A daughter of Samoa with roots in Vaiala is set to become Samoa’s first Dame.
Luamanuvao Winnie Laban has been made a Dame Companion of the New Zealand Order of Merit for services to education and the Pacific community.
The 62-year-old was conferred the honour during New Zealand’s Queen's Birthday Honours released yesterday.
During an interview with Stuff, Dame Luamanuvao talked about the many hats she has worn over the years, including a wig when she won her battle over a breast cancer diagnosis in 2007.
She promises to "thrive" and "enjoy life" but education has always been her passion. It provides opportunity, she said, and that benefits family, community and the country's future.
She said the title of Dame was an honour and would forever reflect her love for people. The announcement led her to think of her parents who came to New Zealand by boat from Samoa in the 1950s and gave up so much "for us".
"Like many immigrants they had dreams for their children and they came here for education and opportunity.
"For me, I think of that generation of Pacific people who came to New Zealand and other immigrants who have come to our country and gone through similar journeys and had similar dreams."
Laban has worked as Victoria University' assistant vice-chancellor (Pasifika) for eight years giving direction and support to Pacific students and staff which has seen an increase in enrolments and achievement.
"My dream or passion has always been for our children to do well.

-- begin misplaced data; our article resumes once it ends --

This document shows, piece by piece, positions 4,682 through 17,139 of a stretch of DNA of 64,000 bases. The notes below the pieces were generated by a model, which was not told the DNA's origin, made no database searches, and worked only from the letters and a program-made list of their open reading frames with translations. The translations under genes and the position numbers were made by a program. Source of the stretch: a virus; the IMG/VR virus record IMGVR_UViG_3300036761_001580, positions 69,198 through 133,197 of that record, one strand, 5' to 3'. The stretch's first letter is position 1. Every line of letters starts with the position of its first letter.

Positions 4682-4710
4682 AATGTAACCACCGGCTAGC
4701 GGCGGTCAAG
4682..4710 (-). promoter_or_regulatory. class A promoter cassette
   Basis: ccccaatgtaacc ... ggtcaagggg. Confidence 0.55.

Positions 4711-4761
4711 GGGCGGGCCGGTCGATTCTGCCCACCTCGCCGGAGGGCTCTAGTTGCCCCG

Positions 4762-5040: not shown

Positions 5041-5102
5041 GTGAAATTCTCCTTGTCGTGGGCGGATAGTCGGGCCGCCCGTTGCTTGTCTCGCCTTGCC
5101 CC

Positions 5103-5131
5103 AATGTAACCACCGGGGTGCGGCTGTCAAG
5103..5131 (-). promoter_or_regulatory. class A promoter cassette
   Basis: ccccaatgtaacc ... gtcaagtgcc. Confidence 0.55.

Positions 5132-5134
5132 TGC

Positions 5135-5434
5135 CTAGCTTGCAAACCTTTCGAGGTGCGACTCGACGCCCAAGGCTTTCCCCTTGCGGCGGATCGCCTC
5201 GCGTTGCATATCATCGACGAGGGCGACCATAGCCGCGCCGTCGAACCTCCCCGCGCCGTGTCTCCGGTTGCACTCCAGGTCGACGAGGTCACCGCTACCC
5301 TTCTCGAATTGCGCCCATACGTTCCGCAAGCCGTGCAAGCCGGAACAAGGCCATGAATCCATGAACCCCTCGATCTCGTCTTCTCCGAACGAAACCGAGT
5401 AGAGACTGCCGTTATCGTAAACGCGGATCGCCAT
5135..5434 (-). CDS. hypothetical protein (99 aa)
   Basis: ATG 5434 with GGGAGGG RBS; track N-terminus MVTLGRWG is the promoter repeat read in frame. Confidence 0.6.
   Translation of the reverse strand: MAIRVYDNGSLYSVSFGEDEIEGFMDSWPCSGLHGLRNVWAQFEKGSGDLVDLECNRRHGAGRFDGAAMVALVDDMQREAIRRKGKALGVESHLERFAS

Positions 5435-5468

"Education teaches you to think, to critique, to analyse, to debate. To be able to provide informed arguments so we can make good decisions."
When asked what advice she would give to young people, Laban said to make the most of educational opportunities.
"It is important to work hard, to study and learn, to find your bliss in education."
Laban was the first Pacific Island woman Member of Parliament, honoured by a Queen's Service Order in 2011. It was during her government years she was given her cancer diagnosis.
Coming out the other side only strengthened her abilities to "cut to the chase". She likes decision to be made and rejects any excuse she deems invalid, she said.
"Life is important. To live every day and make your dreams happen."
Her determined attitude has seen Laban go on to push for the construction of a multi-purpose fale malae in partnership with Wellington City Council and Victoria University of Wellington.
In 1992 Laban was bestowed the Samoan matai chiefly title Luamanuvao from the village of Vaiala, Vaimauga, in recognition of her work.
"This honour is another opportunity to serve."